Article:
At the Fork: An Exploration

Hello all!  I know I've been awfully quiet over here.  For the last week and a half I've been up to my neck in the deaths of Alton Sterling, Philando Castile, and five Dallas police officers, and I'm just now able to disengage from those very important events for long enough to get back into some vegan/AR work.

I did so by attending the Whole Foods-sponsored screening last night of At the Fork, a film by John Papola.  Per the website, "Filmmaker and omnivore John Papola, together with his vegetarian wife Lisa, offer up a timely and refreshingly unbiased look at how farm animals are raised for our consumption. With unprecedented access to large-scale conventional farms, Papola asks the tough questions behind every hamburger, glass of milk and baby-back rib. What he discovers are not heartless industrialists, but America’s farmers — real people who, along with him, are grappling with the moral dimensions of farming animals for food."  Hmmm.

I live tweeted the event, and now because I love you have compiled those tweets here.  Enjoy, maybe?

About to live-tweet . This will be interesting, no doubt.

That is, if the theater can figure out how to take all these people's vouchers... 

Made it. Made it. Ribs on the grill three seconds in. Ribfest! Wife Lisa says what I feel: bleeeeegh. 

Visit Animal Place to meet real live farm animals on not a real live farm. Sanctuary mission is to end animal exploitation. 

Have a "human gestation crate" to show people what pigs go through. "This is the price they pay for me to eat my spare ribs" 

Shots of pigs in gestation crates. Obligatory Temple Grandin interview. Indiana mega-piggery that lets people see inside...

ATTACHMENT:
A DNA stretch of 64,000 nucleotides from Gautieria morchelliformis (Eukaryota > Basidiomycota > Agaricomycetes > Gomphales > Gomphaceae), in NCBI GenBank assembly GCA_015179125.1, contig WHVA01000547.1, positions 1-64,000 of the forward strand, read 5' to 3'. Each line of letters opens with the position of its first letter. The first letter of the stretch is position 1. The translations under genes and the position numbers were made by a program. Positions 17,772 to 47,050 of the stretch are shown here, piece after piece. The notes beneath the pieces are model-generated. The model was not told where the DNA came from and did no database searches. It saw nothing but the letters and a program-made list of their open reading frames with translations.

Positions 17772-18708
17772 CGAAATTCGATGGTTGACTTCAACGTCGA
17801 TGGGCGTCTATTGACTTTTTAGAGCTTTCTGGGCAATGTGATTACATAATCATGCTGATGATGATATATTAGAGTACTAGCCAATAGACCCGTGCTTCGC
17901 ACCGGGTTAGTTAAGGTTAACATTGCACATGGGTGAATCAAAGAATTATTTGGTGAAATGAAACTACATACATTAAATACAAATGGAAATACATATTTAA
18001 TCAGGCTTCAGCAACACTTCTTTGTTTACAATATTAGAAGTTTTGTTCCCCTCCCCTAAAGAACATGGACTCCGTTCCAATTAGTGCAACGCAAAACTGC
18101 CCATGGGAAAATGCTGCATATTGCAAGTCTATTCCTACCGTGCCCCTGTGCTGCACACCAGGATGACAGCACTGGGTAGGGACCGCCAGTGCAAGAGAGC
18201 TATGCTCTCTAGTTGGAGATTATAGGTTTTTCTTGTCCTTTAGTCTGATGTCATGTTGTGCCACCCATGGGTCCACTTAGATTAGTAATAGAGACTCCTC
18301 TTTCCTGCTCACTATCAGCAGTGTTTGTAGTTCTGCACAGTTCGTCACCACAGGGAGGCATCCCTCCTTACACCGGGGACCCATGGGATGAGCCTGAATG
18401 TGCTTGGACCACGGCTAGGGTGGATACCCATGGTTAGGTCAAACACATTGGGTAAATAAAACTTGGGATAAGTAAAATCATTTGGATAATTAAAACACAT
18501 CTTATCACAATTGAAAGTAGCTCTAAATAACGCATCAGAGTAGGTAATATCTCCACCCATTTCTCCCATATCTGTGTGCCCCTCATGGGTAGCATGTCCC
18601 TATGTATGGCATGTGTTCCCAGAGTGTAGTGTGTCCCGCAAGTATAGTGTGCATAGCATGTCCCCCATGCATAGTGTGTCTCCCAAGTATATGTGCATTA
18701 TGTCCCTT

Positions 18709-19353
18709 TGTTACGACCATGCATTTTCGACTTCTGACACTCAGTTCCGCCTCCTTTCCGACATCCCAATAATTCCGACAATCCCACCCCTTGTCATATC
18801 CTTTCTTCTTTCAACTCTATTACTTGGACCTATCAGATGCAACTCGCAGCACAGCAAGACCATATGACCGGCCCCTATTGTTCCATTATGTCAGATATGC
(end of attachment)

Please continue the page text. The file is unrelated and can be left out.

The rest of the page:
Various farming conditions make it unsustainable to keep pigs outside; legacy farms says pigs can lead happy lives in stalls. 

Filmmaker holds a piglet and is surprised he doesn't scream; then he screams. "Farmer" pulling piglets from a sow's vagina... 

...and clipping their teeth. Legacy farms guy says God gave man dominion over animals, we shouldn't humanize them.  

In to Iowa: $7 per pig is what they profit. 1969 confinement shed footage. More holding of piglets, "processing" them. 

Processing includes injections, tail docking; farmer says "it's not wrong." Pigs weaned at 30 days; market weight @ 6 months.

Now using a shock prod to get pigs onto a truck. I don't know if I'm going to make it through this movie.

There are more corporations in animal farming because we want to pay less for our food. TRUTH. But many of us need to...  

Now a farm that raises animals outside. Pigs frolicking; big red barns. Ethical meat.

So why do you castrate pigs? "It helps the food quality." They crawl into a sow's pen and move her piglets; she's FURIOUS. 

"It seems like it's really an invasive mutilation... and it is I guess." Re the piglet castration. But it's a business...  

And now artificial insemination. Farmer is sitting on her to keep her still; she lets him because she's in heat.

"The consumer has to vote with his dollar" to change industry practices.  

Farmer wants to know what's going through the pigs' heads. "I know you had pork for lunch you jerk." Ha ha ha.

Governor Terry Branstand wants us all to know how great Iowa pork is.  

Will Harris of White Oak Pasture, GA - "Cowboy culture is glamorous" but not best for animals or land.

Animals should be able to express their instinctive behaviors. Hogs are hanging out in a forest. No stalls or crates.

Was bothered most by old way of shipping cattle on double-decker semi - so they built an slaughterhouse on site.

Temple Grandin again, on how to nicely slaughter. Filmmaker: it's a contradiction to care about food animals' feelings.

"Dominion does not mean complete domination." A different farmer who believes animals are sentient; cares about feelings.

1000k cattle feedlot; they can lose dozens of animals a day due to heat. They spray water to cool, so it gets muddy.